Recommend me a leather jacket

mulceber

Well-Known Member
At the moment it sounds like Aero might be your best bet, unless you decide you want a russet jacket. BK is great, but if they aren't getting back to you...

That said, I received an auto-response from BK a couple days ago: they've recently reopened from lockdown, and are still getting caught up on their backlog of emails. They may get back to you yet.
 
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MrBlue

Member
At the moment it sounds like Aero might be your best bet, unless you decide you want a russet jacket. BK is great, but if they aren't getting back to you...
From what I've heard about BK, they aren't good at getting back to people. Great at making jackets but bad at getting back to people!

So, I'm going to wait at least a week.

My wallet does feel like it is burning at the moment, but I think a little more patience is required. I only emailed BK last night.

In any case, even if I wanted an Aero jacket, they can't even start making it for another month.
 

Nickb123

Well-Known Member
From what I've heard about BK, they aren't good at getting back to people. Great at making jackets but bad at getting back to people!

So, I'm going to wait at least a week.

My wallet does feel like it is burning at the moment, but I think a little more patience is required. I only emailed BK last night.

In any case, even if I wanted an Aero jacket, they can't even start making it for another month.
Definitely use this time to research fit. Search all of the forums for members with similar heights, weights, etc. so you'll be able to make an informed size decision when that moment arrives!
 

33-1729

Well-Known Member
Skip, a member here has one of BK's ANJ 3s, looks great.
They also have a 1756 and a Perry among their originals.... So can make those.

The 1756 is trim, high arm holes and often tends to be a bit shorter, compared to some other contract at a given size. It was a late war contract, that still retains a collar stand. The neck line sits quite high.
Better for really trim/ skinny people. Im not sure how comfortable to actually wear. Perhaps others here could comment.
I didn’t know the 1756 had high armholes, but now it makes sense why Ken would prefer that one. Most jackets/shirts have wide armholes for all different body types, but the jacket will bunch up when the arms are raised like in your photo above. If the jacket is a proper fit for your body the high armholes will provide better movement, no bunching, making it a more comfortable fit (and what every high end custom suit/shirt maker will automatically do).

Breatafett’s post in #51 of the three jackets is really helpful. Note that BK recommended the 40” chest size (on the left), but if the other jacket dimensions don’t suit you it will not be a comfortable fit. In addition, most jackets today have an extra 5-8” on the chest over the label size and that’s what many people expect. (For comparison my 33-1729 has a 44” chest and my chest is just over 42”, but it fits like a glove and is very comfortable. It’s also the size Gary Eastman recommended.)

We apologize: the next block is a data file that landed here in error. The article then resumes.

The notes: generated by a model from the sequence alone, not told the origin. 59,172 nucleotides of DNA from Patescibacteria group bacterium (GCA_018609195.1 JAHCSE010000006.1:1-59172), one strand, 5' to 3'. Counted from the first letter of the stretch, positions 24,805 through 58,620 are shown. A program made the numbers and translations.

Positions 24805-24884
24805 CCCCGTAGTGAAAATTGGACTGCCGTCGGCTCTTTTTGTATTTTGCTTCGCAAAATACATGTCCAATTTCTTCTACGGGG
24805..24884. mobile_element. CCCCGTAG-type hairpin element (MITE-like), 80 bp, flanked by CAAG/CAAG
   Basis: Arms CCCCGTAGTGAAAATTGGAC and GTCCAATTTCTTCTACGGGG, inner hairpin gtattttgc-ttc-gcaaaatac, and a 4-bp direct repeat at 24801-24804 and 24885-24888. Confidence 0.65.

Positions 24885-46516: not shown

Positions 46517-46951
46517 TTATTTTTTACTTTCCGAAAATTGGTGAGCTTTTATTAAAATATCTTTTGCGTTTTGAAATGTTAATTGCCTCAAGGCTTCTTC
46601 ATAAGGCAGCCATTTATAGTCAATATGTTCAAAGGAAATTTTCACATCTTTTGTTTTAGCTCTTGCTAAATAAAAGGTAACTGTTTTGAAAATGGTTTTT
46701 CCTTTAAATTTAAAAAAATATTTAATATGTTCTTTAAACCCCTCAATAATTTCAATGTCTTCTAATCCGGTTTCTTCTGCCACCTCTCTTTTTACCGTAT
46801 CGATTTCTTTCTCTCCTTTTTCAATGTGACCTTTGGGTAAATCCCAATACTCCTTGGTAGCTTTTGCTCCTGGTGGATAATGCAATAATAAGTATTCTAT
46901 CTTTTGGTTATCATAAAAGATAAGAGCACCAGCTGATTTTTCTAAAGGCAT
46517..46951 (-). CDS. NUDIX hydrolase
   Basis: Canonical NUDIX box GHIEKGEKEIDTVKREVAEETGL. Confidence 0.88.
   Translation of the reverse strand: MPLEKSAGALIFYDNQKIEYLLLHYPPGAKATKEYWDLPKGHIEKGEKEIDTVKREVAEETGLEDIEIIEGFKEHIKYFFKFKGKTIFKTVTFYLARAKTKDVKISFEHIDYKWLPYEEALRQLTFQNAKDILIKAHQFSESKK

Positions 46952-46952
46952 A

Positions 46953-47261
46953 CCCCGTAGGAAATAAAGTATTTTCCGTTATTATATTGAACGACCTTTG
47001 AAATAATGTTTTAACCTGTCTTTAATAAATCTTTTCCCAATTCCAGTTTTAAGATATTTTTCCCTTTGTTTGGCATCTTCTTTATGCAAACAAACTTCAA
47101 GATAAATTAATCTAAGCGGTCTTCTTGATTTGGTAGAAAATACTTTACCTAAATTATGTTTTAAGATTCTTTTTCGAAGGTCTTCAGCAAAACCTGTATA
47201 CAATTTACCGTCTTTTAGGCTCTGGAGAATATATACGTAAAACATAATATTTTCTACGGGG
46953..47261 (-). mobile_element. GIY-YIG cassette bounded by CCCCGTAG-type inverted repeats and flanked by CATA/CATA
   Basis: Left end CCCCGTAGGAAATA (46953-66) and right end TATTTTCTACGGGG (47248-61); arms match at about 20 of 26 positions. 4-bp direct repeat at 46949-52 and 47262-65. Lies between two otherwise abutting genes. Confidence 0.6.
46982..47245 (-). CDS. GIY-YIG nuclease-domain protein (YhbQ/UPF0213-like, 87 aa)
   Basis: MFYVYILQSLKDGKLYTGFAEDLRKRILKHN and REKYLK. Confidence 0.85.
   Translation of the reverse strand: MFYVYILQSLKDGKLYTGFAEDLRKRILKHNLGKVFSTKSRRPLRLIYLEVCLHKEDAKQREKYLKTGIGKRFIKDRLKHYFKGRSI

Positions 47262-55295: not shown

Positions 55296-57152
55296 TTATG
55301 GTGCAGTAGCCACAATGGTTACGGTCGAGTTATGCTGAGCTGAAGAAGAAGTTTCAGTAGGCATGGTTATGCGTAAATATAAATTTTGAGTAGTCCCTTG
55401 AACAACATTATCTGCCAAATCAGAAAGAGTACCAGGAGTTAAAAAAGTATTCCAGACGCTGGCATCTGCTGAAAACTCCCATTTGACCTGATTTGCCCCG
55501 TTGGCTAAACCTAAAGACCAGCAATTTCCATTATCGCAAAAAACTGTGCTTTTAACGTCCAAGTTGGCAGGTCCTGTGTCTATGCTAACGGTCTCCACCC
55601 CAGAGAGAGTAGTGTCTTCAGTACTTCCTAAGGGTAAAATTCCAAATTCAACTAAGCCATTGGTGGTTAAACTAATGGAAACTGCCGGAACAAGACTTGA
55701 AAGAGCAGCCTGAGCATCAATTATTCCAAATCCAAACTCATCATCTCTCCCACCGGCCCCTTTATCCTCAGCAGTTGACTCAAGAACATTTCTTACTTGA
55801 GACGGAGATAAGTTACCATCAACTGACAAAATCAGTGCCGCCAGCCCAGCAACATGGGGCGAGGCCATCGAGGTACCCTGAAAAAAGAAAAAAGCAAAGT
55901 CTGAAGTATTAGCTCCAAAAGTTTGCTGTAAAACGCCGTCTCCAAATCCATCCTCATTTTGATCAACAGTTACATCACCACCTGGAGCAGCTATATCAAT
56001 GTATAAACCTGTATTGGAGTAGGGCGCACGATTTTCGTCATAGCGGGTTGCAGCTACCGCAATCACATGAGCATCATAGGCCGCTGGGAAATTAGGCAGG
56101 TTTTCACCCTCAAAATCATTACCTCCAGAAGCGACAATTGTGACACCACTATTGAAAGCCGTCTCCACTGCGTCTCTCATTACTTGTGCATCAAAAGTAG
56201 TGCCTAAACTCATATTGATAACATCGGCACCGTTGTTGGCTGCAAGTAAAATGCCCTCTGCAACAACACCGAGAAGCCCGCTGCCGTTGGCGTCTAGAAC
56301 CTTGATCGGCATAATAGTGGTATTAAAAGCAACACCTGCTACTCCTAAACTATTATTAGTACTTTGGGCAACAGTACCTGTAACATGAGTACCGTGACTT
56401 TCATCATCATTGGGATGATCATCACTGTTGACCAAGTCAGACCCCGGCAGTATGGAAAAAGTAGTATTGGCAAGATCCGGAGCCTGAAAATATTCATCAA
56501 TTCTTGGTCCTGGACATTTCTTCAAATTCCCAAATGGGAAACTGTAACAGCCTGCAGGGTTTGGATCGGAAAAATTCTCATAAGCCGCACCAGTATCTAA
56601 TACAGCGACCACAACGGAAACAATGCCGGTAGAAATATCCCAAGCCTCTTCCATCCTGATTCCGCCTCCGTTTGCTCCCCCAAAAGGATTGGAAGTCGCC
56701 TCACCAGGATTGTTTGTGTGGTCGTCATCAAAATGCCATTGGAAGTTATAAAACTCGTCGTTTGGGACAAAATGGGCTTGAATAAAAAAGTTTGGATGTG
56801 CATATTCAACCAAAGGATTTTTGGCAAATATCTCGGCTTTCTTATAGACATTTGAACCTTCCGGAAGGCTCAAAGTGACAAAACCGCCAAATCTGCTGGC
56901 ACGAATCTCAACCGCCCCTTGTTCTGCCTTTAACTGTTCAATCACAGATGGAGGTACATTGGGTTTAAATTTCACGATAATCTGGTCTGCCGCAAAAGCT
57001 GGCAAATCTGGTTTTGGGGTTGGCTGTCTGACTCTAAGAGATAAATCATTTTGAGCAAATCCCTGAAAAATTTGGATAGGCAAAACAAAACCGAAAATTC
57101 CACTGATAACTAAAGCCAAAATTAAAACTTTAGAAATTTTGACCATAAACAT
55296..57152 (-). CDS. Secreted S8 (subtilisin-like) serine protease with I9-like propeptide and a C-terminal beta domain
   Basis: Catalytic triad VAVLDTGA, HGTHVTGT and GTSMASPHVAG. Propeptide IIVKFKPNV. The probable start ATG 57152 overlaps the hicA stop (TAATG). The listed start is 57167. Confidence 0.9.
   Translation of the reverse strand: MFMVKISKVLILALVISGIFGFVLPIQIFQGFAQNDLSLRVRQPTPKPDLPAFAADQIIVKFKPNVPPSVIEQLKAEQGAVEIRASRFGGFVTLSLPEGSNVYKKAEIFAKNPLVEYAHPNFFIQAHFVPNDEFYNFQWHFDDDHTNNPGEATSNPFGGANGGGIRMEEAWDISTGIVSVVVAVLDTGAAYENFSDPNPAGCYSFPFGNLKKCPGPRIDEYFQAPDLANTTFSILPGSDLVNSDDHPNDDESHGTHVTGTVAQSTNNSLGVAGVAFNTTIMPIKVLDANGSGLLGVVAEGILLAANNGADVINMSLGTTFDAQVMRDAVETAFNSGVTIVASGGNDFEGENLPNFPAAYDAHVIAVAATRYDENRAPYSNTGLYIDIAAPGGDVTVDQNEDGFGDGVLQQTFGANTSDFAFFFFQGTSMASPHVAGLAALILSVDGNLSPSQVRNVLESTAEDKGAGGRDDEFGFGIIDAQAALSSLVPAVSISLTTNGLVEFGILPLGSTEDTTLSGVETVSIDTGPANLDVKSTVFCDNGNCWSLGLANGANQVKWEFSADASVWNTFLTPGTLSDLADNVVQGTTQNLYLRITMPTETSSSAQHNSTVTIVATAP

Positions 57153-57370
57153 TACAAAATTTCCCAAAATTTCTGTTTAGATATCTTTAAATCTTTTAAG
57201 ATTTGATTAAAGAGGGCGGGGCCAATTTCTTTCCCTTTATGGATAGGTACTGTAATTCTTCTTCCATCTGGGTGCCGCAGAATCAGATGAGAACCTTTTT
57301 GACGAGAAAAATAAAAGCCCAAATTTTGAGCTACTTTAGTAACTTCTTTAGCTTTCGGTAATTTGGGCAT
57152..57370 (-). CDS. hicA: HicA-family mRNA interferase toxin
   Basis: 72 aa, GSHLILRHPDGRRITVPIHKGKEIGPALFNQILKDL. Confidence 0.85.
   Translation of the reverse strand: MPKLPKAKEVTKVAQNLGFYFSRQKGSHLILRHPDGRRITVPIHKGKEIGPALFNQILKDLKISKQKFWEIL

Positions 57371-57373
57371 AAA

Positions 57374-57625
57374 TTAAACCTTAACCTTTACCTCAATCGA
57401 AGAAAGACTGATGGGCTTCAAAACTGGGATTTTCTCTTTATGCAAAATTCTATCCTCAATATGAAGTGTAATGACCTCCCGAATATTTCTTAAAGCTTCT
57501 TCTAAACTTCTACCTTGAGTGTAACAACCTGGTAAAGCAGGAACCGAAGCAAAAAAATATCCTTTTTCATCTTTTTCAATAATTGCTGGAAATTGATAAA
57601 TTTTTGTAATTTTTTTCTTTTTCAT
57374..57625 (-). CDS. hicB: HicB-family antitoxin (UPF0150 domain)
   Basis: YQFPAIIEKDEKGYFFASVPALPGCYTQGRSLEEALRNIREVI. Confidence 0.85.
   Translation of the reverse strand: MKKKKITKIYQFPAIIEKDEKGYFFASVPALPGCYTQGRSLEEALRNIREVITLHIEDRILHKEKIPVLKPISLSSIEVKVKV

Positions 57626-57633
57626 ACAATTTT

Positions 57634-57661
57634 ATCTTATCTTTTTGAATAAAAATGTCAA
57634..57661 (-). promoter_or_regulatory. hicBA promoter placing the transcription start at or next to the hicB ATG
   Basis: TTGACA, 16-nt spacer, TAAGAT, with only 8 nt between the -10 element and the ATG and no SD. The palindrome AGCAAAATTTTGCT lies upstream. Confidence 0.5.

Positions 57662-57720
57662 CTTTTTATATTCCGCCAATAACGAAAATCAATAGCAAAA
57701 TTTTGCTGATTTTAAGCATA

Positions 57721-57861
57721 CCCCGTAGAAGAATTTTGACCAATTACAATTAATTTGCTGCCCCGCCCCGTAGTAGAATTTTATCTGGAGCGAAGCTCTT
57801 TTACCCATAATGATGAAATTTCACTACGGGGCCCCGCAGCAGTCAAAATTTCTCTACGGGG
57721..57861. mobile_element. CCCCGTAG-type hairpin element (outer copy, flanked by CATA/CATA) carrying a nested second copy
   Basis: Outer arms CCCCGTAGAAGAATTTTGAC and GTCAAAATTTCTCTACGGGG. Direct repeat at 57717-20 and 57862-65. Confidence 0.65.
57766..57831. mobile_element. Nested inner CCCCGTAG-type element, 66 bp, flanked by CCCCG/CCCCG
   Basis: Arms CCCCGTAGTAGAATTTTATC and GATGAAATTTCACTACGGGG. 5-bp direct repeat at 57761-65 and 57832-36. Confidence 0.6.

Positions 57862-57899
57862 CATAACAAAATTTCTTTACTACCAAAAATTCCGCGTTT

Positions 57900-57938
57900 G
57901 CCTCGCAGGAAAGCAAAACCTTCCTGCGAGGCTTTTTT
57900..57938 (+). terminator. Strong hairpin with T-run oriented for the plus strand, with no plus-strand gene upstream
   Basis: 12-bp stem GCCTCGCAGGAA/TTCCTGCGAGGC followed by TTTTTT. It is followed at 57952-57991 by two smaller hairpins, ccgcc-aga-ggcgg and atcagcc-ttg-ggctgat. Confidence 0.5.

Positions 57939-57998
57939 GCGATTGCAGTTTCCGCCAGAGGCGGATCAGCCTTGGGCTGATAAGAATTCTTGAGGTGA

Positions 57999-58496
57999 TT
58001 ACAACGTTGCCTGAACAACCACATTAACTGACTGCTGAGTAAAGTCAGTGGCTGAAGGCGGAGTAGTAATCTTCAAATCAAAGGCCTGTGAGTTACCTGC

The point is that when you take all the measurements for you make certain they line up with whatever you chose. Sitting on your jacket will restrict movement, so don’t make it too long (it is a pilot jacket). After you try on a few it will all be clear.
 

Lord Flashheart

Well-Known Member
I've just been catching up on this thread. As a newbie myself here it's fascinating to see the depth of help so quickly offered. I'm kicking myself for not asking a few daft questions here myself before now. After a shed load of soul searching about size/fit/cost of getting it wrong through all of last year I visited Eastmans pop-up in the autumn and picked up a G-1 55J14. I really wasn't in the market for a G-1. What I wanted was an A-2. But who knew? I found the ELC 55J14 to be great to wear and I'm a believer. Maybe I'll even admit to the 80's and Top Gun being my generation. Eastmans customer service was very good. I have since picked up a Star Sportswear A-2 from them as I love the colour and have been really pleased with that too. This has given me the confidence to place an order for a Platon Dubow (though I'm still waiting but everyone here says be patient so I'm getting on with enjoying what I have). What's the point? Well, this place might be about vintage leather jackets but the reality for most, me included, has to be a good reproduction (did I mention I popped up to see Aero just after Christmas and they were such a friendly bunch I've an Aero Late model RAF jacket on order too?). And it's great to see such willingness to share advice here. Doesn't stop me appreciating the originals and recognising the truth that these were workwear in a different age. A-2, G-1, M422a they're all great jackets. Good advice here is worth its weight :)
 

Smithy

Well-Known Member
Late to the party here. As this is your first (most likely A-2 rather than the others) I'd personally go for custom if you can. A-2s are funny old things and to hit the sweet spot on off the rack (and with that I include long sizings) can be bloody difficult for a beginner.

You're tallish and you say you're beefy in the shoulders which can make getting a standard A-2 fit nicely problematic. I'm the same, actually lighter than you but my shoulders, shoulder width and upper arms are biggish from swimming and weight training. A-2s were designed to be worn by "kids" from the immediate post Depression generation, so lean and wiry, hence they can be difficult for more modern builds.

If I was you I'd go Aero or BK (they're full custom aren't they?) for your first as it's custom fit just because with your body shape you're in that zone to have problems getting a good fit unless you know what you're doing measurement-wise.

Once you get an A-2 that fits then you get an idea about what sort of measurements work for you with your next jacket - although even then A-2 fit varies quite a lot from contract to contract.

Seeing as it sounds like you're inclined to a trimmer contract and depending on your waist size (if it's not too large and you do have a noticeable drop from your chest measurement to your waist measurement) an Aero Bronco in their jerky horse could be a nice jacket to start your A-2 journey. It'll be well made, you can customise the fit and details to suit which seems like a good place to start for you.